Static Stretching

Researchers at University of Limerick have found that static stretching is more effective at improving hamstring flexibility than dynamic stretching, involving gentle swinging. The study looked at athletes with lingering hamstring stiffness after otherwise recovering from an injury. The static stretching involved three sets of gently leaning the upper body forward over an extended leg, and holding for 30 seconds. The dynamic stretches involved three sets of slow leg swings, forward and back.

While this study looked specifically at athletes recovering from injuries, it is sound advice for all of us. Generally, stretching should be done using the static method. Dynamic stretching is often less effective and can lead to injury. When stretching, stretch just to the point of slight pull or discomfort, hold for 10 – 30 seconds, and release. Always remember to keep breathing while you stretch. Holding your breath creates tension in your body – the opposite of what you’re going for in a stretch.

Proper stretching is essential for full recovery from many surgeries. Surgery causes scar tissue at the incision and often tightness in the surrounding muscles. In addition, radiation frequently causes increased tightness as well. If left unaddressed, this tightness can, over time, cause some serious and painful problems (back & neck pain, shoulder weakness, weakness & pain of other joints).

This is true for many surgeries and cancers, but is especially true for breast cancer. Surgery for breast cancer is often more extensive and can be more debilitating than many surgeries. Many people suffer from limited range of motion after breast cancer surgery. The first step, once you’ve been cleared by your doctor, is to begin an effective stretching routine to regain range of motion. Here are some basic stretches for regaining range of motion after breast surgery. I repeat this information periodically in this blog because it is so important.

A few chest stretches: always remember to stretch just to the point of slight stretch, hold for 10-30 seconds and release.

Wall crawl: Best thing to start with! Stretches pectoralis major & minor. Stand facing the wall, about six inches away. Place your hand on the wall and begin slowly walking your fingers up the wall. Go only until you feel a slight stretch. Do not stretch to the point of pain! Slowly walk your arm back down. As this movement gets easier you can modify the stretch to continue increasing your range of motion. Begin turning your body away from the wall to increase the stretch. Eventually you should be able to get your body to perpendicular to the wall and crawl your arm up to the side.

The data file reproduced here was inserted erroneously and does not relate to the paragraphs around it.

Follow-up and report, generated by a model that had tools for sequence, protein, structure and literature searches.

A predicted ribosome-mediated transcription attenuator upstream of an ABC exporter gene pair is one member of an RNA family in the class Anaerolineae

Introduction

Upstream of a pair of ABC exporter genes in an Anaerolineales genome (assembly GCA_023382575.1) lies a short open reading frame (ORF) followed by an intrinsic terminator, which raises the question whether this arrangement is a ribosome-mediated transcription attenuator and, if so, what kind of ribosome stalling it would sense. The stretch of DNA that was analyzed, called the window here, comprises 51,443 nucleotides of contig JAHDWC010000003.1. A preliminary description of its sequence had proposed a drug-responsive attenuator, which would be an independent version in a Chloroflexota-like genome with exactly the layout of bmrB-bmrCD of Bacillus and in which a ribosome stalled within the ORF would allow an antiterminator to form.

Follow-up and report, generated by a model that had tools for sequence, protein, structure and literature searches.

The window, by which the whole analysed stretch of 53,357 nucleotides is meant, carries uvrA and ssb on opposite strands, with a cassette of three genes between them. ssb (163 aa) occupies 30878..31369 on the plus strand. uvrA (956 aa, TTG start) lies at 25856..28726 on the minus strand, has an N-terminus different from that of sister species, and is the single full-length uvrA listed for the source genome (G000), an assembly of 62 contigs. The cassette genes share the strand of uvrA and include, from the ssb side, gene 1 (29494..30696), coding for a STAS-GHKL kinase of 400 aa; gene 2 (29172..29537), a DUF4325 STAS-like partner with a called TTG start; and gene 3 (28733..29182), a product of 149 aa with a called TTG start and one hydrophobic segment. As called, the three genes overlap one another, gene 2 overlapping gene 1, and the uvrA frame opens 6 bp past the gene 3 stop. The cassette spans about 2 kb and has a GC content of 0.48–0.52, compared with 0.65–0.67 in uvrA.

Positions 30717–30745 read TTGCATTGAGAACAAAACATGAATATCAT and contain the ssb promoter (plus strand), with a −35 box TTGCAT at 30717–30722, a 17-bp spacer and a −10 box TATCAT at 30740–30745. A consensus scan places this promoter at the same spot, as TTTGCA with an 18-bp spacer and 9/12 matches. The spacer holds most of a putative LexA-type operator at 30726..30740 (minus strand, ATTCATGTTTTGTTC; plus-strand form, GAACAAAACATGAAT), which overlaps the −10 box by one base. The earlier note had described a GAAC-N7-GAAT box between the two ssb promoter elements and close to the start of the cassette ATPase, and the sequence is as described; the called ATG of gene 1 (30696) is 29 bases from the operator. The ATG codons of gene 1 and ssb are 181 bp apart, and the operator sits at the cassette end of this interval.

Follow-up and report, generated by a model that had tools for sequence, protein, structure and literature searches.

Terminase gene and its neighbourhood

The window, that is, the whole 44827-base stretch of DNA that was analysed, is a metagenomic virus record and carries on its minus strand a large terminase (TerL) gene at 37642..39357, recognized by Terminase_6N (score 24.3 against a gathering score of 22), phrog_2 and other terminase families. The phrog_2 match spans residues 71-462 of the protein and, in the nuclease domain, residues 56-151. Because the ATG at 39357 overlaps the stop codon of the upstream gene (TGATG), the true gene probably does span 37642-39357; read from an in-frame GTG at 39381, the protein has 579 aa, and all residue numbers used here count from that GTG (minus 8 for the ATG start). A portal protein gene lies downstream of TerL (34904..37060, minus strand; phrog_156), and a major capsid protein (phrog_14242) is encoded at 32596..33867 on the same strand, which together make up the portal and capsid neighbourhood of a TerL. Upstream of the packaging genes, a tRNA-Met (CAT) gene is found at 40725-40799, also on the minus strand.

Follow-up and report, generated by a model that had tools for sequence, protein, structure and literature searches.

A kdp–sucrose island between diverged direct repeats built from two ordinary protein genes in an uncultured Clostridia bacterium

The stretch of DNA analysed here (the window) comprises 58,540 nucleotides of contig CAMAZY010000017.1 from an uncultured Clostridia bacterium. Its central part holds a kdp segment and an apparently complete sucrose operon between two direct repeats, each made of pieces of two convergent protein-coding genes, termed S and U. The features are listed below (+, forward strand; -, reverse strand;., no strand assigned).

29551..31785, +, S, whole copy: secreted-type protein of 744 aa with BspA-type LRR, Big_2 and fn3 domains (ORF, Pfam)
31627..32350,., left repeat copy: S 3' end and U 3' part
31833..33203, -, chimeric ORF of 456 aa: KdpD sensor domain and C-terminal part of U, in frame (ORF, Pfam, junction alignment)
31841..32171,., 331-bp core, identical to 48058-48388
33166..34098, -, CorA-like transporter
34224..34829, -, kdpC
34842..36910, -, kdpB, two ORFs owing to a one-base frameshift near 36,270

Open shoulder stretch: This is nice – you can do it anywhere, anytime. Gently stretches chest (pectorals) and front of shoulder (anterior deltoids). Place the hand of the side of your surgery on your shoulder of the same side. Let your elbow hang down by your side. Gently squeeze your shoulder blade while you draw your elbow toward the back. At the same time, turn your head gently toward the opposite shoulder.

Chest stretch – arms outstretched: Stretches and opens the chest. Sit or stand with your arms outstretched to the side at a height that is comfortable. Gently squeeze your shoulder blades together and pull your arms toward the back. If you have limited range of motion in your shoulder, you can begin with your arms down at a comfortable angle. As your range of motion improves, raise your arms out to the side for the stretch, eventually getting them up to shoulder-height.

Shoulder stretch: Stretches back of the shoulders and shoulder blades. Bend your right elbow and raise your arm to shoulder-height, so your arm is parallel to the floor. Place your right hand on your left shoulder. Grab your elbow with your left hand and pull it gently across your chest until you feel a slight stretch across the back of your shoulder. Hold for at least 10 seconds and repeat on left side.

Butterfly stretch: Stretches chest muscles. Sit or stand. Place your hands behind your head with your elbows pointing forward. Slowly open your elbows out to the side until you feel a slight stretch. Hold for at least 10 seconds, and return to the starting position.

These are just a few. They’re really important – the more extensive your surgery, the more important it is to stretch. And make sure you’ve regained good range of motion before you begin any strengthening exercises.

Julie

This entry was posted in breast cancer, breast surgery, post surgery, radiation, range of motion, reconstruction, recovery from surgery, stretching. Bookmark the permalink.

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